( Disponible en anglais seulement )
In 2014, the British Columbia Supreme Court, in Precision Plating Ltd. v. Axa Pacific Insurance Company, 2014 BCSC 602, held that a purportedly “absolute” pollution exclusion was ambiguous in the context of a fire loss. This decision resulted in significant uncertainty as to the effectiveness of pollution exclusions in CGL policies.
The facts in Precision Plating were straightforward. A fire had occurred at the insureds’ unit in a commercial building, triggering the building’s sprinkler system and causing chemical vats on site to overflow. A series of lawsuits ensued, in which the owners of neighbouring units claimed damages as a result of the fire. Each of the actions included claims for environmental damage caused by chemicals and fumes emanating from the insureds’ premises.
The insurance policy in question contained a form of absolute pollution exclusion, which purported to apply to damages “caused by, contributed to by or arising out of” the escape of “Pollutants”, including thermal irritants or contaminants, smoke and fumes. The insurer relied on the exclusion to deny coverage. The insureds sued, alleging that the insurer had a duty to defend.
At trial, the court concluded that the insureds were not an “active industrial polluter of the natural environment”, and that contamination caused by fire “fails the common sense notion of “pollution” in its ordinary sense”, and ordered the insurer to defend the actions.
The insurer appealed, and the BC Court of Appeal reversed the lower court’s decision [Precision Plating Ltd. v. Axa Pacific Insurance Company, 2015 BCCA 277].
The Court of Appeal first considered the standard grant of coverage under the CGL policy, and emphasized that the insurer’s obligation was to indemnify the insureds for sums payable by reason of their legal liability, rather than for certain types of damage, as would be the case with a property policy. The pollution exclusion therefore applied to exclude liability arising out of the release of pollutants, rather than damages caused by the escape of pollutants (conversely, the trial judge had framed the analysis as a question of causation of damage, rather than of the source of the insured’s liability).
Several causes of action were alleged in the pleadings of the various proceedings, including strict liability and negligence respecting the storage and release of chemicals, as well as negligence in causing the fire. The insurer had conceded that the claim would have been covered if it had been solely for liability arising out of the fire, not liability for environmental contamination. This raised the issue of concurrent causation. In that regard, the Court of Appeal considered the Supreme Court of Canada’s 2001 decision in Derksen v. 539938 Ontario Ltd., in which it had been held that losses concurrently caused by covered and uncovered perils would be covered unless the insurer used language specifically excluding such losses.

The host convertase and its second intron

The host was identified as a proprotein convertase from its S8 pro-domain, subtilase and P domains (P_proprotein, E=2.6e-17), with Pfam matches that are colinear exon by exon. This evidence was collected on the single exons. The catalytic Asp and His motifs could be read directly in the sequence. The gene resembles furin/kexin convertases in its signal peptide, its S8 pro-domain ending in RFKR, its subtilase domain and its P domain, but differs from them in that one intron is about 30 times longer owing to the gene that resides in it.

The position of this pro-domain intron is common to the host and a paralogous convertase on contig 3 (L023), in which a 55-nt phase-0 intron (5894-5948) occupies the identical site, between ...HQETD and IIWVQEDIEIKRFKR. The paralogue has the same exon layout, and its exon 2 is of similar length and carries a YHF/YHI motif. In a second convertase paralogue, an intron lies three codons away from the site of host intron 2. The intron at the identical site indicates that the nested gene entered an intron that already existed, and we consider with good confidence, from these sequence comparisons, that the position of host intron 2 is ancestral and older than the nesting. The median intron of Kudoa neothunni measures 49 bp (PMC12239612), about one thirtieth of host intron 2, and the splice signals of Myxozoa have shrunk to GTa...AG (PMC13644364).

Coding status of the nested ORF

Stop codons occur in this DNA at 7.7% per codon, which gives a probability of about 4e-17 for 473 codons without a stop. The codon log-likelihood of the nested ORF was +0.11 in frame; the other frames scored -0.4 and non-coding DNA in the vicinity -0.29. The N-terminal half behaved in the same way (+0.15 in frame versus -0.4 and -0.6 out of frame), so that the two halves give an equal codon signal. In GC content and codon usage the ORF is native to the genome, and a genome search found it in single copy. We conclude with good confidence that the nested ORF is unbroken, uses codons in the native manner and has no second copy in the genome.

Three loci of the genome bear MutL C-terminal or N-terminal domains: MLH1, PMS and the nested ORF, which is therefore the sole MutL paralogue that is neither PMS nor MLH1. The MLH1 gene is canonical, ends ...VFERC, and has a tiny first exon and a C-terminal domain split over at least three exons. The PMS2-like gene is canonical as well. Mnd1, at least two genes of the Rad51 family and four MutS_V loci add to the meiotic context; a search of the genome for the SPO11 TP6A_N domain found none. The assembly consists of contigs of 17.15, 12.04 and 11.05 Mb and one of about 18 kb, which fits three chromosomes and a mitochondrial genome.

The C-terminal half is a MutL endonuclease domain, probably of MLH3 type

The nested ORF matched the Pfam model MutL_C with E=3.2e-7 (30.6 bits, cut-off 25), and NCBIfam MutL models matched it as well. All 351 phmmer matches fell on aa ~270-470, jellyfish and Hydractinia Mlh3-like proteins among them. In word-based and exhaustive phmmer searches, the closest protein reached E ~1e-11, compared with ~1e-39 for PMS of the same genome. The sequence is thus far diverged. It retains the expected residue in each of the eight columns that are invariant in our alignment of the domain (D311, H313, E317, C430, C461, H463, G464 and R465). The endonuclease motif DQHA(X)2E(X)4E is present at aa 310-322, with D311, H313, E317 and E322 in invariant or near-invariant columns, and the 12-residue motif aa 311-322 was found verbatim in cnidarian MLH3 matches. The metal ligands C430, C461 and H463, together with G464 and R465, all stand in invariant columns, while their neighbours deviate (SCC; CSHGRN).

The Supreme Court had recommended a form of language that would achieve this result, and that language had been used in the pollution exclusion at issue in Precision Plating. As a result, the Court of Appeal in Precision Plating concluded that losses concurrently caused by pollution and non-pollution related liability would be excluded.
The Court of Appeal then went on to consider the issue of ambiguity and the reasonable expectations of the parties, which had been discussed by the trial judge, holding that the insureds would have had a reasonable expectation of coverage for damage caused by fire, but not for liability caused by the escape of chemicals from its premises.
The pleadings in each of the actions alleged some form of liability attributable to the release of pollutants. In fact, only one of the actions alleged fire damage as a concurrent cause of liability. In the result, the Court of Appeal held that “if the pleadings allege liability for the escape of pollutants, there is no duty to defend because there is no possibility that the insurer will be obligated to indemnify.”
A fundamental concern of the insureds in Precision Plating was that the pollution exclusion, as worded, would exclude all fire claims because smoke damage is a consequence of nearly every fire. The Court of Appeal addressed that concern by focusing on the alleged cause of liability, rather than on the cause of the damage. While the escape of pollutants into the environment is an independent source of liability under various statutory and common law causes of action, liability for smoke damage generally depends on the fault of the insured in causing the fire. Thus, smoke damage, while included in the pollution exclusion, would not be excluded as a source of liability unless it was accompanied by some additional pollution-related cause of action, independent of the fire.
The appellate decision in Precision Plating reconciles the interests of the insured with the purpose of the pollution exclusion, and restores the law concerning absolute pollution exclusions to a more predictable state. Many situations arising out of industrial fires involve some sort of environmental pollution claim, which can increase the damages exponentially, and pollution liability policies exist to cover that risk. In the context of a CGL policy, however, the decision demonstrates how a well-worded pollution exclusion can achieve its intended effect.
A link to the decision can be found at http://courts.gov.bc.ca/jdb-txt/CA/15/02/2015BCCA0277.htm.